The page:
Allow me to set the scene:

A man starts making bold claims about himself. Talking BIG game. Maybe not bragging, per se. But certainly not shy either. “I’m the man. Get like me.” People have the natural reaction to such talk. “Says who?! Who do you think you are?! The man replies, “Says my daddy, and I agree with whatever he says I am. According to the rules y’all play by, that’s good enough.”

People hear that, and they’re not convinced. As a matter of fact, they’re kinda mad. Big mad. “I heard about you! Wasn’t yo mama posed to be some kinda virgin? She kept sayin she was a virgin after she had to you too. Her husband was lookin mad goofy. Speakin’ of, who is yo daddy anyway?”

Disrespectful. But the man was ready. “Don’t worry bout it. IYKYK.”

They think they’ve hit a nerve. They file that one away. It’s always good to have a solid diss in your back pocket in a tight situation.

I’m not making that up. It’s pretty much exactly what happens between Jesus and the religious leaders in John 8 (verses 12-19). They called Jesus a bastard. In public.

It doesn’t take long before the Pharisees reap what they’d sowed. Later on in the same chapter (verses 31-47), Jesus talks about those who follow his teachings being set free. Hit dogs start hollering. “What do you mean you’ll set us free! Do you know who our father is?! We’re children of ABRAHAM!” Jesus replies, “No you not. If you was, you wouldn’t be actin’ like this. Abraham wasn’t raggedy and mean spirited like y’all. I’m tryna get folks free and you tryna kill me. You actin’ like ya real daddy.”

Jesus didn’t call them bastards like they did him earlier. He said their father was the devil!!! “You don’t know who my daddy is, but I know who yo daddy is. My daddy said yo daddy ugly and can’t come to his birthday party.”

The Pharisees get MAD mad. Emotional. “Na-uh! We’re not bastards! GOD is our father!” (Seriously, I’m not making this up. I’m barely paraphrasing. Look at John 8:41)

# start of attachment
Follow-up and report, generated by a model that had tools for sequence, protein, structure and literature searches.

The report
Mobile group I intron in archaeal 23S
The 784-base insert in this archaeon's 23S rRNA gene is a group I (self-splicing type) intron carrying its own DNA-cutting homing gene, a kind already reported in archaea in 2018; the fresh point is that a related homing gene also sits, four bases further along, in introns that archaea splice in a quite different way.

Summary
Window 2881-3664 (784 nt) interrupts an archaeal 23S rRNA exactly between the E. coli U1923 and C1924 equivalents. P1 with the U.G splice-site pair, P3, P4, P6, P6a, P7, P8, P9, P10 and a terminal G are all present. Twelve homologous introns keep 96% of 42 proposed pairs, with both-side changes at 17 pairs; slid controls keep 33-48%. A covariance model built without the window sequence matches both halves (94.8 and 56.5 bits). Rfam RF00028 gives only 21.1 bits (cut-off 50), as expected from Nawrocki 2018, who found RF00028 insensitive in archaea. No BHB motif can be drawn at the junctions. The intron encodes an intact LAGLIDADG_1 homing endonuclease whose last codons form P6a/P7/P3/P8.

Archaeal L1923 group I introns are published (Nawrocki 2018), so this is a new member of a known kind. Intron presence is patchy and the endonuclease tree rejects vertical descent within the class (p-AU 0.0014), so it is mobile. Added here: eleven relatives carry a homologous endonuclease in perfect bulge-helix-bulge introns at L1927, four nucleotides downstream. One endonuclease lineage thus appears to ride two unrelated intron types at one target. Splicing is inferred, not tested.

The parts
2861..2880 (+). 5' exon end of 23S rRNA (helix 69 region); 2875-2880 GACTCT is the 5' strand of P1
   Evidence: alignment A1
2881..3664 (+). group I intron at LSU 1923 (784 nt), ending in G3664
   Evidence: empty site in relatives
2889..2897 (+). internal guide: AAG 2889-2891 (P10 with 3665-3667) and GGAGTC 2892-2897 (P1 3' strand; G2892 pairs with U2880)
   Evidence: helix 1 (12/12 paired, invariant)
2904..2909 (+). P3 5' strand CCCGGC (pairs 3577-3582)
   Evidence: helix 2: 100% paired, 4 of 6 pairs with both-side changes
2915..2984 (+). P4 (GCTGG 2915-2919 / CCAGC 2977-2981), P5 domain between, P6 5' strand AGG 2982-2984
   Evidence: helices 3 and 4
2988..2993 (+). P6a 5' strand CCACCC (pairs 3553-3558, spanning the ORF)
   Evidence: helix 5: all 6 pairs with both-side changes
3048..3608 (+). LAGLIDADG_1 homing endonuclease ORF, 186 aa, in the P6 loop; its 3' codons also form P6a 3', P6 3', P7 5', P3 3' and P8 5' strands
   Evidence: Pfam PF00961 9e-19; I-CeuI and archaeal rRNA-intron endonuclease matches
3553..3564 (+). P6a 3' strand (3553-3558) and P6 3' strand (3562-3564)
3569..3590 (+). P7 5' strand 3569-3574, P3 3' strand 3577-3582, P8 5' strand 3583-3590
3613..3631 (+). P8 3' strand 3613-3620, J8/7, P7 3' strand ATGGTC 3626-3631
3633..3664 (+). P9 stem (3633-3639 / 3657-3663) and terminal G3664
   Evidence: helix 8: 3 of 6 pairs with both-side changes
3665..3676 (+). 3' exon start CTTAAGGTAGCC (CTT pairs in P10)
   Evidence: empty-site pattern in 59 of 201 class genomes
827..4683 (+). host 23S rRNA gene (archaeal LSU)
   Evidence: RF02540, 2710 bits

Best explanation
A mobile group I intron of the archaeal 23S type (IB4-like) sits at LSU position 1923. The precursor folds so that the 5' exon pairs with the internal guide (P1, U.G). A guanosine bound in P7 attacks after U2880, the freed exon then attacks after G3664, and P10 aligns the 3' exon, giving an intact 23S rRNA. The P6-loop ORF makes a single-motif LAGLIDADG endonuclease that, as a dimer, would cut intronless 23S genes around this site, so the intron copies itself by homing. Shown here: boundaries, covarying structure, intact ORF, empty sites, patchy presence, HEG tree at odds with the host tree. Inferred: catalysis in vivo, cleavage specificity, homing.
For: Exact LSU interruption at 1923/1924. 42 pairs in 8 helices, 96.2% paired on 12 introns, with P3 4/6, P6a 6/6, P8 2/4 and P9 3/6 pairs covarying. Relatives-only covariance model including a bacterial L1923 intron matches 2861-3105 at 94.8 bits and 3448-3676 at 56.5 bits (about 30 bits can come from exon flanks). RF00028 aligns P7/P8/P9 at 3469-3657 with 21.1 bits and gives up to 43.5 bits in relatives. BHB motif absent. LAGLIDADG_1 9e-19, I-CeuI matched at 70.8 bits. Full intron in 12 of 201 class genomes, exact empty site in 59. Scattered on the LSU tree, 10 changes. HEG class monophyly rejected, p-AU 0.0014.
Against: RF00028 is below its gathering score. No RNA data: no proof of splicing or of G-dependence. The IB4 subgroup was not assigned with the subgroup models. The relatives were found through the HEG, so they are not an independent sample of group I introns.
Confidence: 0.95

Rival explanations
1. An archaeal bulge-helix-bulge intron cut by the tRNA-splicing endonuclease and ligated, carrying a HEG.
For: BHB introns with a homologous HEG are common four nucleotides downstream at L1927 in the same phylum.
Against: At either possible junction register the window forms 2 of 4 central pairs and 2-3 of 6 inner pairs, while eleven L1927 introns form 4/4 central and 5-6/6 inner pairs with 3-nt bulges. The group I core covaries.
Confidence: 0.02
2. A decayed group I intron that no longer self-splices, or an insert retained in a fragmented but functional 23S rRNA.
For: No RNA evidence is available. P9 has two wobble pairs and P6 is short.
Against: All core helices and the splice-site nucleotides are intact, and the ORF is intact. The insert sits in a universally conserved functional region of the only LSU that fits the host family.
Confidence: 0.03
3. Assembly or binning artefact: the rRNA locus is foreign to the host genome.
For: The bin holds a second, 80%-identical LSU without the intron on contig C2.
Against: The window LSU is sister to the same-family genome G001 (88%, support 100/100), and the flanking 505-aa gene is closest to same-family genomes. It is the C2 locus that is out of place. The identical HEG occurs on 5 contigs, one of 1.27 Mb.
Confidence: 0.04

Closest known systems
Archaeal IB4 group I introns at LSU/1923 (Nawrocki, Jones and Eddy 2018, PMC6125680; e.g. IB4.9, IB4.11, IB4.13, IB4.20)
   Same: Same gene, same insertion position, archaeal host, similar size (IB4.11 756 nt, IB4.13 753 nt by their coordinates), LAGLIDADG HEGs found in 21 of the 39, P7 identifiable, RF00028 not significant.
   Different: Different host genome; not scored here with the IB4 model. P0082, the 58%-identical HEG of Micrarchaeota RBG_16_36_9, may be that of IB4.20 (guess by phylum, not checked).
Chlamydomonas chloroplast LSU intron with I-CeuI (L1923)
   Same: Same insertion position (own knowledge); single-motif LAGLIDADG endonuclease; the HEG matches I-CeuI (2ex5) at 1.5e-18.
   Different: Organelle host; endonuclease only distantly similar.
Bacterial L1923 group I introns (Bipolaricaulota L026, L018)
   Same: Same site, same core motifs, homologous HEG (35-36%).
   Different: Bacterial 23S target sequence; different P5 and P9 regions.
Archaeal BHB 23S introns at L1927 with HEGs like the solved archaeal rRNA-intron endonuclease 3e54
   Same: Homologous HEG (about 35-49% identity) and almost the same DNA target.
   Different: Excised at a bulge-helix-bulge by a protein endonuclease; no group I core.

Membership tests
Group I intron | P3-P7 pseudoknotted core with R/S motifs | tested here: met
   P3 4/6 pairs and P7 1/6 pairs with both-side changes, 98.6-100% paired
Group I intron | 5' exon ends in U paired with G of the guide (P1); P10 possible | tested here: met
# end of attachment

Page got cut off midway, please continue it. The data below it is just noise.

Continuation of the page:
And Jesus, the clapback king, says, “If God was your father, you would’ve recognized me. But you don’t. Because yo daddy is the devil. And that’s why me speakin’ facts right now got you so mad. Can’t none of y’all accuse me of wrong, and you just out here mad. Why? Cuz ya daddy is hater and so are you.”

Y’all… these are actual interactions… from the Bible… between the Son of God and the religious leaders!!!! The Pharisees repeatedly tried to shame and malign Jesus in public, and he would not allow it. I think about this often when I encounter some of the more unlovely religious people who, emboldened by both the distance and openness of online forums, decide to call me everything but a child of God because I believe that social justice is a Biblical issue. I think about it because people often expect me to let these things roll off of my back. After all, the word “pastor” is in all of my social media handles. And a lot of times, I meet those expectations. I’ve been socialized to believe that I have to absorb these blows and keep it moving. Sometimes, that is the wise and prudent thing to do.

But… if we were to throw it back and “WWJD” the situation… we need to entertain the reality that a good old fashioned clapback is in the realm of possibilities. There are occasions when someone maligning your character and God-given identity merits a reply. The idea that the reply needs to satisfy the sensibilities of everyone and their mother’s mother is not a biblical reality.

In trying to discredit Jesus, these religious leaders shamed his mother, they attempted to shame him, and they deliberately crossed several boundaries of neighborly, respectful behavior. The response wasn’t one of turning the other cheek. The situation required Jesus highlighting the fact that these people were not who they were pretending to be.

In 2020, if you dare to follow Jesus’s example of radical love and transformation, you will find yourself at odds with a fair amount of religious and “orthodox” gatekeepers. Many of them will try you publicly with a veneer of civility and righteousness. How you respond is up to you. But as for me? I’ma talk about they daddy.